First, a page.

Google CEO, Sundar Pichai, has recently given his opinion of Google’s new up and coming cloud-gaming platform, Stadia. In a gist, he said that those who have experienced using the system/setup “completely wins people over” and their engineers are committed to “bringing it all together” (i.e. building a great product).
You can view their full Audio dialogue with the investors here.
“I think we see genuine excitement because, I think, they see the opportunity for a shift, a point of inflection, but they realized the technical challenge of pulling something like this off. And so, but once they get their hands on with the technology and then they see the experience, I think, completely wins people over.Audio Transcript, Google Q1 earnings call via Wccftech
And so we are having conversations across the Board and I think people are definitely engaging in a very committed way and they are investing in it and so it’s up to us to bring it all together and have a compelling service later this year and that’s what the team has had done working on.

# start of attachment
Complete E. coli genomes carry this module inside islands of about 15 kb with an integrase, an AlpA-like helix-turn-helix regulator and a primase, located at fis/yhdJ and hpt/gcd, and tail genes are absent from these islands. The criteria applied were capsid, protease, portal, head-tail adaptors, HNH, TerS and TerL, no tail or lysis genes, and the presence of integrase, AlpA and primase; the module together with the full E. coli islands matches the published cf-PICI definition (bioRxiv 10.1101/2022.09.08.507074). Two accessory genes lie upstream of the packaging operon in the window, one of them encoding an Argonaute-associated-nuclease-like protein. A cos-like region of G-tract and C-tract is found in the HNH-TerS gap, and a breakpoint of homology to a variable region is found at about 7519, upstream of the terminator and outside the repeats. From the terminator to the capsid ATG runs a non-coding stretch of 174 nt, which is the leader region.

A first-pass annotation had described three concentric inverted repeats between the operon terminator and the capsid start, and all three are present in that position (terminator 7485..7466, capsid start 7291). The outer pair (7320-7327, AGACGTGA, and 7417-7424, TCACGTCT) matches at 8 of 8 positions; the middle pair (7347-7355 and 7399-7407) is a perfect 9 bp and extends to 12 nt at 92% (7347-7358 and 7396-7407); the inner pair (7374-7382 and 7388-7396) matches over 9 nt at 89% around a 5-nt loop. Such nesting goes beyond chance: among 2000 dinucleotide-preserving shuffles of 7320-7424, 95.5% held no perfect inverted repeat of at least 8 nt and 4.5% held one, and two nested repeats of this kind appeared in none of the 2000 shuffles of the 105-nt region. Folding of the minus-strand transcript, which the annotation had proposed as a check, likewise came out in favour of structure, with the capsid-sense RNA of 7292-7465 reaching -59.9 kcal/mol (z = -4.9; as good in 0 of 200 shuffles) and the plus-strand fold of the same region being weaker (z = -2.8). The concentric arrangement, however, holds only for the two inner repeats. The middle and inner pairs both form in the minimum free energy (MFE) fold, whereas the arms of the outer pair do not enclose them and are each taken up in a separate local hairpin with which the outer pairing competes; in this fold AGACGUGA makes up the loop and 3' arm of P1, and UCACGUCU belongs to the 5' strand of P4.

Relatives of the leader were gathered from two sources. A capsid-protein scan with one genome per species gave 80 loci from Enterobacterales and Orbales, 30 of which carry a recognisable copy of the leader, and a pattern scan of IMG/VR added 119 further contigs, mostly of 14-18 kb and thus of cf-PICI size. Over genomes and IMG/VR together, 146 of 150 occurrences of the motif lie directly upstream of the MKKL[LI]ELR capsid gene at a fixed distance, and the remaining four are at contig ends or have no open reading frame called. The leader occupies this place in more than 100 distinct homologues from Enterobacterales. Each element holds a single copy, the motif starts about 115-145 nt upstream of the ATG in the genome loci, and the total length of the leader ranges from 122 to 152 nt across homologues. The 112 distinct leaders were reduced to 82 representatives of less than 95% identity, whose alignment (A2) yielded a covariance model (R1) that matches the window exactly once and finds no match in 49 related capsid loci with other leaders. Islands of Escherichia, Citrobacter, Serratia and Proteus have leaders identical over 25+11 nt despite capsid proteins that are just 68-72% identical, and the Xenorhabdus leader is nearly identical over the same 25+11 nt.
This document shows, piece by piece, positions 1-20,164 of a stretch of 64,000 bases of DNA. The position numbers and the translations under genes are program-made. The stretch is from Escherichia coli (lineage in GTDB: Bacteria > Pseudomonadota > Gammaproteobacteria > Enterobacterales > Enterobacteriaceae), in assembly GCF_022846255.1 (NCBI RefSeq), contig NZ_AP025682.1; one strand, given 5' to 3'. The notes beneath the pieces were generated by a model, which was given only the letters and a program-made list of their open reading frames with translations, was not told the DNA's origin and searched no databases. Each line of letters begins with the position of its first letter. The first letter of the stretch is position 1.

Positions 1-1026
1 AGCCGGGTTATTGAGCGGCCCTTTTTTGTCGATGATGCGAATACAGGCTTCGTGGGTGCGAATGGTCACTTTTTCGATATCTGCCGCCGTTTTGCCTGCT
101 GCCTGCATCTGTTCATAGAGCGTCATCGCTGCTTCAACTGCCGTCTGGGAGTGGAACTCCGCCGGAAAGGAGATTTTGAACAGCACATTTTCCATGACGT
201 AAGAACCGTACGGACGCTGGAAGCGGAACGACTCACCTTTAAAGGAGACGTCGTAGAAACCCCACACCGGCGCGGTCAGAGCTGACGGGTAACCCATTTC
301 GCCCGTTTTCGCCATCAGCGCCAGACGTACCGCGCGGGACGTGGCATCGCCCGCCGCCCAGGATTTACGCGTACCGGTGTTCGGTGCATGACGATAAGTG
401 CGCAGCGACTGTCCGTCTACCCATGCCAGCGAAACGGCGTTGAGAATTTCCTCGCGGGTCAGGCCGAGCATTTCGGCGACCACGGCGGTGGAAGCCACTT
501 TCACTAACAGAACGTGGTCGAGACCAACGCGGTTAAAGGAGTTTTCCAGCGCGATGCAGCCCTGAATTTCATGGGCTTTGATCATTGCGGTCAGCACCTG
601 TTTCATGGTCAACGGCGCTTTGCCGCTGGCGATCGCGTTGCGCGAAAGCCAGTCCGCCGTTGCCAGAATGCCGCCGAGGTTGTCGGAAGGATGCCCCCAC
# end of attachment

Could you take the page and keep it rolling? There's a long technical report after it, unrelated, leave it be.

But I think they want to see our commitment, which is what we demonstrate and they are working hard to make the investments on their side. And so it’s a big joint effort and it’s working well.”
While I won’t thread too much ground on what I think about Stadia as I’ve covered it in another article, it seems to me that the management at Google has high hopes that stadia would do well especially in the developer space.
It is interesting to note Google’s strategy in this case as their key focus is on convincing developers themselves to come aboard this platform; We would likely be seeing some sort of partnership or exclusivity deal in this case much like the Epic Store to convince people to try out their platform.
However, it seems to me that Google have mis-stepped in their judgement as I believe that it is actually the consumers that need convincing. If the past is to be taken into consideration, consider the internet backlash that Microsoft got from trying to make their Xbox one console “online only” which they quickly back paddled away from.
I foresee the same thing happening with Google if Google is not carefully threading their plans. Least we forget what happened below.
The estimated launch date of the service is still pitted on the second half of this year in the North American/Western European region while other regions are still to be announced. We expect some more info to come in the months ahead, possibly at E3, where Google, Microsoft and Amazon are set to fight it out in the cloud-gaming space.